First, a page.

As the population of Desoto county is growing rapidly, and is expected to continue to grow, there is an ever-increasing need for public green space. It would be much better to preserve this historic site as parkland near the center of Hernando now than to have to buy land for parks later. Springhill lies along a proposed pedestrian and bike route. There are young woods, grass and a few old trees on the lot now, and kudzu control has begun. The cemetery about 90% nineteenth century markers, with very few after 1900. As such, it is probably eligible for the National Register of Historic Places and for designation as a Mississippi Landmark.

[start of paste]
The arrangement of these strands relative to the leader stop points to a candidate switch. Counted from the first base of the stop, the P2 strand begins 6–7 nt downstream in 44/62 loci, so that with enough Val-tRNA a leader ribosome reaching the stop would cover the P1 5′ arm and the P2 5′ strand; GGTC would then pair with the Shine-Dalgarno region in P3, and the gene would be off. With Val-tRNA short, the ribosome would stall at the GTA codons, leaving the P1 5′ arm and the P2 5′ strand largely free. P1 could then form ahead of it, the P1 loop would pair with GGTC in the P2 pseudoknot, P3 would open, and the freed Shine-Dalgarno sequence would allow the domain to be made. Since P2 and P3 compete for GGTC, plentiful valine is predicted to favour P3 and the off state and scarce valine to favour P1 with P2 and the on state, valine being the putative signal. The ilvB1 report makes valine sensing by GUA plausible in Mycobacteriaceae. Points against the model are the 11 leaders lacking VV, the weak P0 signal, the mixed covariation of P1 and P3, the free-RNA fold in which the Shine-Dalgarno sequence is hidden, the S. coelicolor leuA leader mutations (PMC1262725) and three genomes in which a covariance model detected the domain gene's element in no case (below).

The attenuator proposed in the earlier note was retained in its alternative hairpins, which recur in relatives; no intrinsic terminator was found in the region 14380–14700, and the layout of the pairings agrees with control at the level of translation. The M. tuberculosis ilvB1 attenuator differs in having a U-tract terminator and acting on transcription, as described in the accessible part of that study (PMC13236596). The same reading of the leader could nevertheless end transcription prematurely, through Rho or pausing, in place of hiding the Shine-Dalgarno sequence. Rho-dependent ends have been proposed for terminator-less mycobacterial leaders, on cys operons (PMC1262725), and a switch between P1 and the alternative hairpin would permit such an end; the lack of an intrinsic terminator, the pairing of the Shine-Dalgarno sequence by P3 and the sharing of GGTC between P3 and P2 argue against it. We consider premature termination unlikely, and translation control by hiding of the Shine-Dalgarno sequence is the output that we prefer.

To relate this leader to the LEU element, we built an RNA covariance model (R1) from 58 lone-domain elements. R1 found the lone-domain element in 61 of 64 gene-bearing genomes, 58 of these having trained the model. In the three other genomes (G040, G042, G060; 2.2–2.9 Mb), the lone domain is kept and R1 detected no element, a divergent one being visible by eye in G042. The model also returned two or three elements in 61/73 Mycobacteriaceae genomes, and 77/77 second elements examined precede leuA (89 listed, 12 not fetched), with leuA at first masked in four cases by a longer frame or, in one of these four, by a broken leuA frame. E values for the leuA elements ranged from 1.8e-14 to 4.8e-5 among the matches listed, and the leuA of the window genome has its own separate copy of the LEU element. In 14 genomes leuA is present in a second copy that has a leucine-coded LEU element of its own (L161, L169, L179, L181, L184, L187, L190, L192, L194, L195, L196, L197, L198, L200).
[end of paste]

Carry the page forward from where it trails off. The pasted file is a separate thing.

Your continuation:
Springhill is a significant cultural remain from the first days of Hernando. Southern cemeteries are architectural monuments, in a folk tradition that had both tradition-structured placement of materials and use of formal design elements. For instance Springhill still has some of the traditional cedars, vinca and other flowers as well as the native hardwood timber. Cemeteries can also be “read” at a symbolic level as the outcome of social and economic forces. The most obvious instance is the fact that white people got the top of the hill while black people got the side and bottom of the hill, as is almost always the case, even if the “hill” is only a foot high.